An official website of the United States government

Believe and Strive: Leading the Way for People with Albinism
September 15, 2015

“A good leader is not selfish and goes for a common goal.”

Joel Tchombosi said he realized this while studying at Wagner College in New York as a 2015 YALI Mandela Washington Fellow. Already a leader in his community in southern Angola, Tchombosi, 33, started a small group for people with albinism. The group works with parents so they will keep their albino children in school.

Being an albino can be dangerous in parts of Africa, Tchombosi said. Because of traditional beliefs, he said, children with albinism have been hunted for their body parts, which are believed to transmit magical powers.

Close-up of Joel Tchombosi
Joel Tchombosi. Credit: State Dept.


In one way, Tchombosi has been lucky. His parents, who did not have formal educations, wanted him to go to school. Once he was in school, relatives urged him to quit and get a job. But his mother and father kept him there.

School posed some challenges. Because albinism often means poor eyesight, Tchombosi had to sit in the front of the classroom and strain to read what teachers wrote on the blackboard. He endured being bullied by classmates because of his skin color. He called their actions a result of ignorance. “It’s not easy living in my skin,” he said.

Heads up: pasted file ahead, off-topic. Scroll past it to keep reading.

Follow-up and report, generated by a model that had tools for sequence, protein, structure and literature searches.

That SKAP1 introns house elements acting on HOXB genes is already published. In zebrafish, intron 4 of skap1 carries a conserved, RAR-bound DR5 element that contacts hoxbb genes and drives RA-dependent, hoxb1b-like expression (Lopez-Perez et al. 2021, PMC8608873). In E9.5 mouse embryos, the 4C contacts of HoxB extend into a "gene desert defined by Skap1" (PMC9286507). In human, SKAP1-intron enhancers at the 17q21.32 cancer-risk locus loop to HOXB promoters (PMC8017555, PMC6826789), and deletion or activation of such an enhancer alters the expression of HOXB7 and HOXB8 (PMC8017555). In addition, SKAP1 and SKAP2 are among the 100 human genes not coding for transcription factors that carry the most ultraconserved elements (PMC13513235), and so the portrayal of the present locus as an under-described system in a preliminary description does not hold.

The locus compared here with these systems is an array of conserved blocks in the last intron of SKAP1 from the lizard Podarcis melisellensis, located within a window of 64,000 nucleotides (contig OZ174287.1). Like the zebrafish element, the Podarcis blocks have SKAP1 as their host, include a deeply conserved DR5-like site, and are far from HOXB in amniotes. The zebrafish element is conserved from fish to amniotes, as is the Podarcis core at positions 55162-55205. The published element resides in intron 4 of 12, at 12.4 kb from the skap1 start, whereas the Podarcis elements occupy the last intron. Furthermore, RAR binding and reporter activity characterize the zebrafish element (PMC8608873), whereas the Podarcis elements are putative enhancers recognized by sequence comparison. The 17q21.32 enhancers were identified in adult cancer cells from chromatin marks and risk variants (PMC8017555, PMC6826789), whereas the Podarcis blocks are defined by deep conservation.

His persistence paid off. When he graduated from Mandume ya Ndemufayo University in Namibe province, he had three job offers. He now teaches English at a school in Namibe.

Tchombosi used his fellowship to learn how other groups work with people with disabilities. He visited the nonprofit Global Medical Relief Fund that brings children to the United States from Africa, Europe, the Middle East and Asia for treatments, surgeries and prosthetic limb and eye fittings. He spent time at another area nonprofit that provides people with different abilities opportunities to make their own money by making and selling crafts. He saw that people with disabilities don’t have to rely on outside sources of income.

Tchombosi plans to use the leadership skills he learned to develop a strategy to do even more for albinos in Angola. Having learned how to write a grant proposal, he hopes to eventually apply for funding to pay for strong sunscreen for albinos, who are extremely sensitive to sunlight. “Hundreds of Africans are dying from skin cancer because they don’t have sunscreen,” he said.

In the book “The Essence of a Dream 2015,” published by Wagner College, Tchombosi writes: “Believe and strive — you rise higher and higher. Faith pays off as sunshine.”